понедельник, 12 октября 2015 г.

Ten features of the new Horizon 2020 research plans, from robot farm aides to 5G networks

Éanna Kelly, Science|Business

Draft work plans for 2016 and 2017 are out, with ambitions to replace animal testing, resist the rising tide of antimicrobial resistance and deliver faster internet speeds

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Photo: Luci Ellis www.universitypost.dk Advertisement



With draft copies of the European Commission’s research plans for 2016 and 2017 recently arriving online, Science|Business takes a first dive, and picks out ten interesting features and competitions.

1. New prizes

Setting a seemingly intractable research challenge and offering a prize for the best answer is becoming a well-known part of the EU’s repertoire. There will be a number of prize competitions in the field of climate change in 2016 and 2017, to be awarded to projects that come up with an effective way of destroying plastic litter; promoting the circular economy in the retail sector; and propose novel ideas for capitalising on reams of environmental data beamed down by satellites. The Commission will also set an encryption challenge in the field of cyber security and offer rewards to a project that delivers a cheap way of shooting nano-satellites into space and another for reducing car engine emissions.

2. Alternatives to animal testing

Roused by the Stop Vivisection campaign, which earlier this year saw an Italian pressure group gather over a million signatures in 26 EU countries in protest over animal testing, the health section includes money for a new expert group to examine the feasibility of alternatives to animal testing, from computer modelling to cell culture experiments.

3. Cyborg farmhands

Farmers across Europe are weathering a slump right now, with dairy prices depressed and agricultural exports down since the EU imposed sanctions on Russia over the crisis in Ukraine. It is hard how they will feel then, about a research call for labour-saving (or maybe labour-replacing) autonomous farmhands.

According to the food work programme, research efforts should, “prioritise technologies such as selective harvesting, more targeted weed reduction or environment friendly fertilisation, and/or livestock management, based on better planning and targeted intervention, using sensors (local and aerial, even maybe earth observation satellite).”

4. Motoring towards electric vehicles

With the global race to launch unmanned vehicles on to the consumer markets attracting the efforts of global companies like Google, Ford, BMW, Apple and others, it may be surprising to find just one call dedicated to autonomous cars (a pilot in the ‘cross-cutting’ section). By contrast, there are 12 calls for electric vehicles in the transport section.

5. Seeding the ground for 5G

Some money from the ICT section will go towards developing high speed 5G networks, which promise capacity so great that buffering videos and slow-running apps will be consigned to history. Europe’s role in building the networks, which could be available as soon as 2020, got a boost last week when the EU signed an agreement with China to set out common goals for 5G standards and timeframes for introducing the new technology.

6. Cleaning up data centres

With increasing demand for cloud computing, big data and the rise of the internet of things, the requirement for data processing and storage has never been greater. In the energy section there is a call for proposals covering, “innovative and energy efficient cooling solutions, waste heat reuse, geographical and temporal workload balance, integration of local and remote renewable energy sources, integration in smart grids, integration with district heating/cooling networks, integration of power backup system in the grid and use of heat pumps for efficient use of waste heat.”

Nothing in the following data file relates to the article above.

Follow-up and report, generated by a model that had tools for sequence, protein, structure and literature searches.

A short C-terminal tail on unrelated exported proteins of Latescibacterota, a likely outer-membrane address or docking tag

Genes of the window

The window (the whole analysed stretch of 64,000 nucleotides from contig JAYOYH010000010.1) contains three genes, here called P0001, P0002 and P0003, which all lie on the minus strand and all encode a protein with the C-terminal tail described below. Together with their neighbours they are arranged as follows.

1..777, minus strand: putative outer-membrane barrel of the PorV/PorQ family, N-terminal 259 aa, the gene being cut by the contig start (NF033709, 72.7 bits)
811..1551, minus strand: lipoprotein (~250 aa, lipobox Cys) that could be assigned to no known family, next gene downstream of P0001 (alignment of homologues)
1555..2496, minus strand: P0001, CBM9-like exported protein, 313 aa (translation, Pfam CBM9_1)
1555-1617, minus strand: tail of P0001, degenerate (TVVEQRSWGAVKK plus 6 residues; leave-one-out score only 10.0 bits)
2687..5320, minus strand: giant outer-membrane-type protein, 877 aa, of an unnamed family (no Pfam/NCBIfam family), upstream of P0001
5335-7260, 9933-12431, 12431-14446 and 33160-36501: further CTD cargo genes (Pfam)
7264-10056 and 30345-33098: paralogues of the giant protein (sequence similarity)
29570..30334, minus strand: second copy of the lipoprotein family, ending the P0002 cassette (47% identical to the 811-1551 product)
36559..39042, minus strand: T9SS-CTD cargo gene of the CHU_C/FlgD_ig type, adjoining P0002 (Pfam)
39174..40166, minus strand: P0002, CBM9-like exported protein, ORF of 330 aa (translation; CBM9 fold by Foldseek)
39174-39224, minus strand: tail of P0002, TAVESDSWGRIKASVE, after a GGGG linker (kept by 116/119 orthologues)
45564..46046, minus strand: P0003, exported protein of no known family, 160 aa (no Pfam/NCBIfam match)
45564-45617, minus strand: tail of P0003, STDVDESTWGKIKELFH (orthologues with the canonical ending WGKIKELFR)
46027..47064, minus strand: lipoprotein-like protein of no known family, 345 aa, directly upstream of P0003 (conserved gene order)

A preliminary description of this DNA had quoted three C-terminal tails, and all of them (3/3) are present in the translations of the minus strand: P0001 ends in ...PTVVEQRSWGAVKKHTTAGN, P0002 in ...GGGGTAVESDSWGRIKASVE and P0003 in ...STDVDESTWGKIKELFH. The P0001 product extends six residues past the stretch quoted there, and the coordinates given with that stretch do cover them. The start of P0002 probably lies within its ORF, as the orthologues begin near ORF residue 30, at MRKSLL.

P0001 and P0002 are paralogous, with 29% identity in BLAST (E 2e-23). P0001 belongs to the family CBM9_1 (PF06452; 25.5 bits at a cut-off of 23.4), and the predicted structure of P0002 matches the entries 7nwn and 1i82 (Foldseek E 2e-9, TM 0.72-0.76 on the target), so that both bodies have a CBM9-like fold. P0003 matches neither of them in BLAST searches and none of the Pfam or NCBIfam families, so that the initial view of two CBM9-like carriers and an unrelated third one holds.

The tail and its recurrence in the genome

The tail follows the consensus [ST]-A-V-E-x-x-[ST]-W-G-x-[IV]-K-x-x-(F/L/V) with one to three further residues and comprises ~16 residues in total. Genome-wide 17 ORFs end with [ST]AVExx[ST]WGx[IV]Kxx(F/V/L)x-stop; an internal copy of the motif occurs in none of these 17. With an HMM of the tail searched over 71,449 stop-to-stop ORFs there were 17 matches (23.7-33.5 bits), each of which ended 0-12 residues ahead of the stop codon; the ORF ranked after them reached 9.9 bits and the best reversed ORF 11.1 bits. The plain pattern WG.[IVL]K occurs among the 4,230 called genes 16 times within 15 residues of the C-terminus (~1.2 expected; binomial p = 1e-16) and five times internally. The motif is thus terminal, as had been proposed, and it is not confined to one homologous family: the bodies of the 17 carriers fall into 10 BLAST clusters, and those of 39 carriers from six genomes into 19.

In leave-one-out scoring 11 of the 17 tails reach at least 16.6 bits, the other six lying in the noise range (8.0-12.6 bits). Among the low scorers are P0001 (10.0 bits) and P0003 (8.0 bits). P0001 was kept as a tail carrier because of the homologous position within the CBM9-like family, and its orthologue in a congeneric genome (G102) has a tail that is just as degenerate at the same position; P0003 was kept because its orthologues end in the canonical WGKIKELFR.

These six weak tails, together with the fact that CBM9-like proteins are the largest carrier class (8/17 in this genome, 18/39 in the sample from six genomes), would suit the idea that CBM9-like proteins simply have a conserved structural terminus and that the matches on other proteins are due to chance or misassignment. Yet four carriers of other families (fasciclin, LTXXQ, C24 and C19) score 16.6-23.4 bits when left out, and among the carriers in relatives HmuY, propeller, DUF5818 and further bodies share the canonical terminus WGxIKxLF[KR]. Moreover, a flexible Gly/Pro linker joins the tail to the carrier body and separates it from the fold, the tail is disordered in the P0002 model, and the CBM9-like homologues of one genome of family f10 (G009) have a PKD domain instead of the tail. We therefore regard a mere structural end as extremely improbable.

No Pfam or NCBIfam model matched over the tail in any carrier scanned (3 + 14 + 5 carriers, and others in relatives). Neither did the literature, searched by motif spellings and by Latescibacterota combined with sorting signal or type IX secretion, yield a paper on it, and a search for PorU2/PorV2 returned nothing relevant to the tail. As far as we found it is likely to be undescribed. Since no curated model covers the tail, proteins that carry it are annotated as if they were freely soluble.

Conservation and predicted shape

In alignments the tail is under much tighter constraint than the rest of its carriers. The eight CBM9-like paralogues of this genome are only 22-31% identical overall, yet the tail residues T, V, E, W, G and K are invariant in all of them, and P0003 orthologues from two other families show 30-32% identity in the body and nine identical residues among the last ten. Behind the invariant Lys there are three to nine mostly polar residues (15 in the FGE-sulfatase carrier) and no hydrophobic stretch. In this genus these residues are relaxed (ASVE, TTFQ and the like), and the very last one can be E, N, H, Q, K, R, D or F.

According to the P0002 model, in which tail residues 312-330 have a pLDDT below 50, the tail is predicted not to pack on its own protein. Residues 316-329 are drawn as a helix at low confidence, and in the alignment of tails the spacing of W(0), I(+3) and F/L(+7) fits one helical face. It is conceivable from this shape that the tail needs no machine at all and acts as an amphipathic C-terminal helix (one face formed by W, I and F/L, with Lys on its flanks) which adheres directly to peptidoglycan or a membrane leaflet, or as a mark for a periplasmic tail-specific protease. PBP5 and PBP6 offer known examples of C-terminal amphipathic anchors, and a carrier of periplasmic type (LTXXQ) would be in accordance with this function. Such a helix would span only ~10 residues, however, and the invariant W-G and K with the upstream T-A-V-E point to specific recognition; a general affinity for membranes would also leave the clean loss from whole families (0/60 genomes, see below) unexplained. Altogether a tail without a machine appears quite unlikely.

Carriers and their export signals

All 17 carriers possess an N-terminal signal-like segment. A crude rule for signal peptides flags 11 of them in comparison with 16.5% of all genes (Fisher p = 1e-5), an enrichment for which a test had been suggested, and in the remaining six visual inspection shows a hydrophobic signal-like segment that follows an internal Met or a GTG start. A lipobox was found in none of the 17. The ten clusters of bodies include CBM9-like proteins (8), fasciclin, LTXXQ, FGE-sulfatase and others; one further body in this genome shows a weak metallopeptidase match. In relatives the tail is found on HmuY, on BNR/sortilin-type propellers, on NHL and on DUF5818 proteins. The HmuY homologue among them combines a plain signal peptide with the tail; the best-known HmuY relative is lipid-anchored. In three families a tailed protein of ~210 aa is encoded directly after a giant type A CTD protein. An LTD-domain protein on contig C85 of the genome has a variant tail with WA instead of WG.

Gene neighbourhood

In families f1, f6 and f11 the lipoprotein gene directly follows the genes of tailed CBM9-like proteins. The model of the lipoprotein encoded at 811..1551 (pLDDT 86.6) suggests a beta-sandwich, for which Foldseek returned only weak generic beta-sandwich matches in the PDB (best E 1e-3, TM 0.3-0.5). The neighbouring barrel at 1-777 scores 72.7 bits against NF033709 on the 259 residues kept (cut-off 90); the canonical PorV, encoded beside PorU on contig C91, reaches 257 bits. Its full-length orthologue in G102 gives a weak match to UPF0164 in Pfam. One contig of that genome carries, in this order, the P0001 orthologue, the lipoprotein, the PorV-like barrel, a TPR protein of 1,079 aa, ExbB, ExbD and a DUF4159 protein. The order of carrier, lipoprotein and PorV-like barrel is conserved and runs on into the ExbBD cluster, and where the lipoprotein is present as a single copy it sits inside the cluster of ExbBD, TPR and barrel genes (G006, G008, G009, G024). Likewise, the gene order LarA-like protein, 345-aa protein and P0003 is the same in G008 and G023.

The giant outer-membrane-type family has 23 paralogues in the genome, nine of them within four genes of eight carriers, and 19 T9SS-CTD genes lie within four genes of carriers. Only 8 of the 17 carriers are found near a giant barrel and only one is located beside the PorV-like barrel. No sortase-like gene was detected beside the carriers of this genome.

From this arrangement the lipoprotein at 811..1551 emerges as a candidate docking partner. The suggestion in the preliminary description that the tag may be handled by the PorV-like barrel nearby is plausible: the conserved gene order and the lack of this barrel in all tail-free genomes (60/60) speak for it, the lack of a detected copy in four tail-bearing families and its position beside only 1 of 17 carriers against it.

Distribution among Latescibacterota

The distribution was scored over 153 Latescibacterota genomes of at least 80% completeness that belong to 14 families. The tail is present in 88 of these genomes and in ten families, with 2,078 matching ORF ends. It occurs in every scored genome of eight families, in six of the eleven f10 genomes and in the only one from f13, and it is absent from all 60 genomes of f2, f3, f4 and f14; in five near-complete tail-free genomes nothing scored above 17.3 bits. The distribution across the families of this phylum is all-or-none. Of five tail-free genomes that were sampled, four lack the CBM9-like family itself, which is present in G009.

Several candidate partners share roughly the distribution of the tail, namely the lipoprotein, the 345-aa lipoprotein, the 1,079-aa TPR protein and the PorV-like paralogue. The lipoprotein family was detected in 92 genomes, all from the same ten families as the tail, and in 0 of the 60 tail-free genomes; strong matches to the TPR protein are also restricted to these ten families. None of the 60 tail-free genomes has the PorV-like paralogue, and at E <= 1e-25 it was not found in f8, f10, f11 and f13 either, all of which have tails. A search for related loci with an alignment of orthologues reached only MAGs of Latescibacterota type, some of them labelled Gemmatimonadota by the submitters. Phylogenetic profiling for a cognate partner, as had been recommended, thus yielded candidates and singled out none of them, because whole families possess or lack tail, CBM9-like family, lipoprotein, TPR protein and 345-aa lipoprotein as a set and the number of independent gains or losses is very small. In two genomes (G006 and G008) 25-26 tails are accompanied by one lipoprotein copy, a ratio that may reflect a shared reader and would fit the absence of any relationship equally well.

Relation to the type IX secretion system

7. A shift to close-to-market projects

Several commentators drew attention to what they see as the continued shift within EU research towards projects with higher technology readiness levels (TRLs). Such closer-to-market funding does not appeal to everyone. One lobbyist, who represents universities, worries the Commission is becoming too pre-occupied with the other end of the pipeline and moving steadily away from basic research funding.

The Commission does not go far enough for another who said, “I would have liked to see TRLs of between seven and eight for climate projects." Europe is committed to cut its non-renewable energy use by 2020 compared to 2005. “Ahead of the 2020 climate goals, I would have guessed this was a good time to ask for more demonstration projects.”

8. Risk-based financing for new antibiotic drugs

Horizon 2020’s investment vehicle, the InnovFin scheme, will introduce a pilot for antibiotic research financing, making loans of between €7.5 million and €75 million to SMEs, midcaps, special project vehicles, research institutions and large pharmaceutical companies for the development of new antibiotics.

9. Virtual reality

There will be some funding for the development of “augmented and virtual reality visualisation systems”, in the ICT section. The Commission funded several VR projects with health applications in Horizon 2020’s predecessor, the Seventh Framework Programme (FP7), including a VR treadmill for senior citizens and VR for rehabilitation following stroke.

10. ‘Smart anything, everywhere’

Managing to imply everything and nothing at the same time, the vaguest-sounding call, and remnant from FP7, returns in the ICT section, promising to put money into networks of SMEs and mid-caps so they can solve particular problems. Whether the ‘smart anything everywhere’ initiative can go on to become a stock piece of technical jargon like ‘the internet of things’ remains to be seen.

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